The field emission measurements were performed inside a vacuum chamber of pressure below 1 × 10−6 Torr. The Si substrate with SiC–W18O49 double-layer nanostructures was used as the cathode and indium tin oxide (ITO) coated glass plate was used as the anode. The cathode to anode distance was maintained at 100 μm for all the measurements. The emission current was measured as a function of applying voltage (voltage range of 100–750 V in steps of 10 V) after sweeping the voltage several times. During sweeping voltages, the adsorbates from the emitter surface are desorbed and the field emission becomes stable after several cycles. Figure Figure5,5, shows the emission current density (J) versus applied field (E). Here, we define the turn-on field as the electric field required to produce a current density of 10 μA/cm2. It is found that apparent turn-on field was 5.4 V/μm. The field emission performance is compared with our previously reported results for WOx and SiC nanostructures. The obtained turn-on field is lower than that of our earlier reported values for W18O49 nanowires (9.5 V/μm) , W/WO3 heteronanostructures (6.2 V/μm) , and slightly higher than that of WO3 nanowires (4.8 V/μm) , SiC nanowires (2–5 V/μm) [36,39]. The turn-on field value is comparable with many other types of nanostructures such as BN nanosheets aligned Si3N4 nanowires (4.2 V/μm) , hierarchical AlN nanostructures (2.5–3.8 V/μm) , BN coated SiC nanowires (6 V/μm) , ZnS-In core-shell heteronanostructures (5.4–5.6 V/μm) , and hierarchical SiC nanostructures (12 V/μm) . The reasonably better turn-on field for our nanostructures indicates that both the SiC and W18O49 nanostructures contribute to the field emission process and also it shows that both the nanostructures have good electrical bonding. The inset of Fig. Fig.55 shows a typical Fowler–Nordheim (F–N) plot for our SiC–W18O49 nanostructures. The linearity of this curve shows that a conventional F–N mechanism was responsible for the field emission from our samples.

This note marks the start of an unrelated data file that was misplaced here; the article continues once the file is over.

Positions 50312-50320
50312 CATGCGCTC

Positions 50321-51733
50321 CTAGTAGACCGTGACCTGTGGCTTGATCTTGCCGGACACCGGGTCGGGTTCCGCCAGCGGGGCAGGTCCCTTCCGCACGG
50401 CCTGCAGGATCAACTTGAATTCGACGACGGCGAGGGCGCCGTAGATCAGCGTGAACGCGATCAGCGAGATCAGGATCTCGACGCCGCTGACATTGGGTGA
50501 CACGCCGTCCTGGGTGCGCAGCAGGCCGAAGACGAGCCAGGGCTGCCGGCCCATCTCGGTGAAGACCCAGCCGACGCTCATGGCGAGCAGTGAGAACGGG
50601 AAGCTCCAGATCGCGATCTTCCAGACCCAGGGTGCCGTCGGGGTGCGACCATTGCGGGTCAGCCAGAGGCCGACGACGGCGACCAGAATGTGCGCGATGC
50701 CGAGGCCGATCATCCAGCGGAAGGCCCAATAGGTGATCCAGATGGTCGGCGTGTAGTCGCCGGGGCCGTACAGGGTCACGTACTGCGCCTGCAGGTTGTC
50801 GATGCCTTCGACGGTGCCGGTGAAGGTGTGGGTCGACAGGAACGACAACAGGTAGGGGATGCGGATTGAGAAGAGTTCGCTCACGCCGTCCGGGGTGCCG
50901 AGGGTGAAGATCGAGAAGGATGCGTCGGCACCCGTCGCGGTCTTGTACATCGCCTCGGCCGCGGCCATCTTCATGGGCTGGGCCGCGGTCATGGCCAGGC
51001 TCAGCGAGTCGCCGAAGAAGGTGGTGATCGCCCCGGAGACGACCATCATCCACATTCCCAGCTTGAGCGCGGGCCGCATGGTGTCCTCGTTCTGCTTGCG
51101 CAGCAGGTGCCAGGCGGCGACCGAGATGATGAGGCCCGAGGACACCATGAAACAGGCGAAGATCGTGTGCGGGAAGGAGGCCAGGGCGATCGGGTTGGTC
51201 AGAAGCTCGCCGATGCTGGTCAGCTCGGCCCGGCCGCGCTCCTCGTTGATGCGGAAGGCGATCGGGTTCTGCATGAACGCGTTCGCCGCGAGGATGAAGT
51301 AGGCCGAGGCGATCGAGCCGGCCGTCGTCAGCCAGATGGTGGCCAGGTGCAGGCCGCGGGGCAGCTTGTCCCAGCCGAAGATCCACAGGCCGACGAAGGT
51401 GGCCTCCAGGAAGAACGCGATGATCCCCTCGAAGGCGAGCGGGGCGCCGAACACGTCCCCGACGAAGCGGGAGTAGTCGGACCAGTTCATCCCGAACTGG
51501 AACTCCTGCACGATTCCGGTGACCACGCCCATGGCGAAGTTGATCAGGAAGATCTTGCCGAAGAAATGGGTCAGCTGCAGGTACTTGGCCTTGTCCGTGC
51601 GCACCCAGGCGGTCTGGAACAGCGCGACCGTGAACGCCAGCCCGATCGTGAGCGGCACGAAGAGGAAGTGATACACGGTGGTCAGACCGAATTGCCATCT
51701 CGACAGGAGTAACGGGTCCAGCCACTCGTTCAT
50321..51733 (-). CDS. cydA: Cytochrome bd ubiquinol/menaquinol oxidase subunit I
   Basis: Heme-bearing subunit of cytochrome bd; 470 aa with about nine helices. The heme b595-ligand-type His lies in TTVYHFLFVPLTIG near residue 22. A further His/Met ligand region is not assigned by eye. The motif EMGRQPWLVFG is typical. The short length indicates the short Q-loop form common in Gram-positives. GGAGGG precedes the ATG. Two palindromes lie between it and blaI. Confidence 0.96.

We report, for the first time, the synthesis of new type of nanostructures comprising silicon carbide and tungsten oxide by a simple two step thermal evaporation process. The synthesized nanostructures are double-layer SiC–W18O49nanostructure. Based on TEM and EDX analysis, a possible VS growth mechanism was proposed for the grown double-layer nanostructure. At some certain conditions, we observed that W18O49nanorods having different density (density gradient) can be grown on the SiC nanowires and this is attributed to the mass transport effect of tungsten oxide source material. This simple method of fabricating a new type of double-layer nanostructures with one of the nanostructures acting as substrate for the growth of other nanostructure could be applied to other materials to create heteronanostructures for device applications. Field emission measurements showed that the fabricated double-layer nanostructures are good field emitters.
Hyeyoung Kim and Karuppanan Senthil contributed equally to this article.
This work was supported by grant No. RT104-01-04 from the Regional Technology Innovation Program of the Ministry of Commerce, Industry and Energy (MOCIE), and the Korean Research Foundation Grants funded by the Korean Government (MOEHRD) (KRF-2008-005-J00501).